Since the start of the pandemic, news reports, lawmakers, and employers have referred to a so-called “labor shortage” as the cause of disruptions to our economy. Such rhetoric predates the pandemic by years and has particularly been used by employers looking to undermine safety or labor standards by claiming a lack of available workers creates an emergency of one kind or another. The pandemic, along with the resulting supply chain challenges, has only increased the focus on and the frequency of those claims. The truth is that, across our economy, long-standing corporate practices have eroded the pay, benefits, health and safety protections, workplace conditions, and quality of life for millions of working Americans and created strong disincentives for workers to remain with their current employer. The real shortage policymakers should be concerned with is the shortage of quality jobs with good pay and benefits in many of our industries.
Aircraft dispatchers play an essential role in the safety of aviation operations. In tandem with pilots and air traffic controllers, dispatchers work to ensure that aircraft take off and land safely, navigating weather, traffic, and other challenges. For this reason, the parameters of their work and working environment are highly regulated, to ensure that a dispatcher is able to carry out their duties to the highest standard.
Transportation labor unions have fought for decades to ensure that federal investments made in America’s transportation infrastructure are tied to strong policies that support and create good jobs and safe and equitable workplaces for America’s workers. We have also fought year after year to keep policies in place that ensured federal investments would never undermine the rights of workers and the value of their labor. Because of policies like prevailing wage, transit labor protections, rail employee protections, Buy America(n) and other domestic content provisions, and the Jones Act, millions of working families have enjoyed middle class incomes and benefits that allowed them to build stability and opportunity for their families. TTD is, and always will be, proud of this work.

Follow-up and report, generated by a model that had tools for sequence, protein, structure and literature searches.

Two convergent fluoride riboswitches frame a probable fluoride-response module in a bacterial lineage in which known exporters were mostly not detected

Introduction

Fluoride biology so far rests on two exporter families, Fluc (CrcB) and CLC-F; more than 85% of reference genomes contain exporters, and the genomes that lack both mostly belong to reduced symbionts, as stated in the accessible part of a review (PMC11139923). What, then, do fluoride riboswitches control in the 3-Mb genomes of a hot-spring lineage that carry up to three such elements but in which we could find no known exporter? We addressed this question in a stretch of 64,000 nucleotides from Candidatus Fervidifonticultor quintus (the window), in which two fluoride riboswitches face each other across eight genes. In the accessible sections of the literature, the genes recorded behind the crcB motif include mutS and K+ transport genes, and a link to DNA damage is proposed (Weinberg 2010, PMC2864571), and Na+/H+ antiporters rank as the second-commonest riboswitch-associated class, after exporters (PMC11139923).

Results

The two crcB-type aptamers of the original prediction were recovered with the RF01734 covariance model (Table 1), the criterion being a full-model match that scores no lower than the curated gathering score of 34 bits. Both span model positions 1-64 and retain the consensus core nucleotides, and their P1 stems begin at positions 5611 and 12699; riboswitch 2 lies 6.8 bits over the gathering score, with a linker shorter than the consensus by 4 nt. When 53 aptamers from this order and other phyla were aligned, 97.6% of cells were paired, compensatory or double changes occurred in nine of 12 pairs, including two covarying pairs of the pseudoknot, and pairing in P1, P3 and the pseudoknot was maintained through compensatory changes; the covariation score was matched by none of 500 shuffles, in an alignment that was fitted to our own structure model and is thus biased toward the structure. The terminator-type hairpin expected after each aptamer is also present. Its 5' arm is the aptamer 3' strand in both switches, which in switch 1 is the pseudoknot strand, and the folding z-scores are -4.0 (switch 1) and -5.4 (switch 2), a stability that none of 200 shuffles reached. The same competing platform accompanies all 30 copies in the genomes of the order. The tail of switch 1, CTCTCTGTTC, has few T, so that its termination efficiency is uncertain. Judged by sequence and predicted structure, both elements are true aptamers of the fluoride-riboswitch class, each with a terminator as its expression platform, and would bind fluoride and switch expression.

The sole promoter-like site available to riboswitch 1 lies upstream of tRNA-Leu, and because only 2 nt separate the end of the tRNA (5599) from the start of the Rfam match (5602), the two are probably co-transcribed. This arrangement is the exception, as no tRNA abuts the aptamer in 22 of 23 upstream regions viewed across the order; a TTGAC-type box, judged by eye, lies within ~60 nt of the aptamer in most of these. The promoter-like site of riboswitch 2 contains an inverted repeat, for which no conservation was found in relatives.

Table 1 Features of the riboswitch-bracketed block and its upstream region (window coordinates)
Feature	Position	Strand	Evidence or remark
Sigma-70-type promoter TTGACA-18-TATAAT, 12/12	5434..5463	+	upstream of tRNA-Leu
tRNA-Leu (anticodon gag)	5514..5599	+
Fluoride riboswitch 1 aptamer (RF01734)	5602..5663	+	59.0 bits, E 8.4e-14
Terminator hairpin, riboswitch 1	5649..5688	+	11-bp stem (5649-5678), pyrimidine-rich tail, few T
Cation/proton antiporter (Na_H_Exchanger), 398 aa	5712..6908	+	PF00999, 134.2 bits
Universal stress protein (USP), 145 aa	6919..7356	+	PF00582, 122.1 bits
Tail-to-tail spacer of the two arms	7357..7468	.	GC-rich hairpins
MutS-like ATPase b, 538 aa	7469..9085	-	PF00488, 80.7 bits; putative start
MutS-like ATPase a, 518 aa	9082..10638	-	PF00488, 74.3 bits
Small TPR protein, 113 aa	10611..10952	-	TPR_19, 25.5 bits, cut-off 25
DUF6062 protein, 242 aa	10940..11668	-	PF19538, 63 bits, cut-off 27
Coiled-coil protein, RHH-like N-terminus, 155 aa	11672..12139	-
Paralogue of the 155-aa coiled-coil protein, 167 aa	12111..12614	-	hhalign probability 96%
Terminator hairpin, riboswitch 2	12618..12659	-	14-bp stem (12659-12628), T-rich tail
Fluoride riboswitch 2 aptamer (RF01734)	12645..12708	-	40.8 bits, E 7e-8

As we approach the halfway point of President Biden’s first term in office, transportation labor calls on the administration to continue prioritizing an ambitious regulatory agenda that delivers improved safety, creates good union jobs, and drives economic development. This includes promulgating regulations required by unmet mandates that have languished for years without appropriate attention, new regulatory requirements enacted by the historic Infrastructure Investment and Jobs Act (IIJA), and forward-thinking proposals that address the safety and economic conditions of today’s transportation network.
In the wake of the Boeing 737 Max accidents, Congress and aviation safety officials rightly recognized that the Federal Aviation Administration (FAA) had ceded far too much of its own regulating authority to private interests. The reforms that are still being implemented by the Department of Transportation (DOT) and the FAA should ensure that proper regulatory authority is in place to greater improve aviation safety and prevent any future catastrophes and loss of life. This mindset, however, needs to extend to every aspect of aviation safety. For 20 years, TTD and its affiliated unions have been calling for greater oversight of FAA-certified foreign contract repair stations that perform work on U.S. aircraft. Despite several legislative victories that require the FAA to promulgate rules governing these foreign repair stations, we have yet to see meaningful progress or reforms to ensure that the work being done in these stations meets the standards that we set here at home. President Biden has publicly and definitively called for action on this issue and it is past time for Congress and the FAA to rectify this problem though both legislative and regulatory action.
In an era of unprecedented instances of violent and unruly passengers, alongside the evergreen threat of terrorism and other dangers in the skies, it is clearer than ever that flight attendants and pilots must be given the necessary tools to best protect both themselves and the traveling public. In order to address both the current spike in violence as well as unacceptable and dangerous behavior that has existed since long before the pandemic, Congress must take action.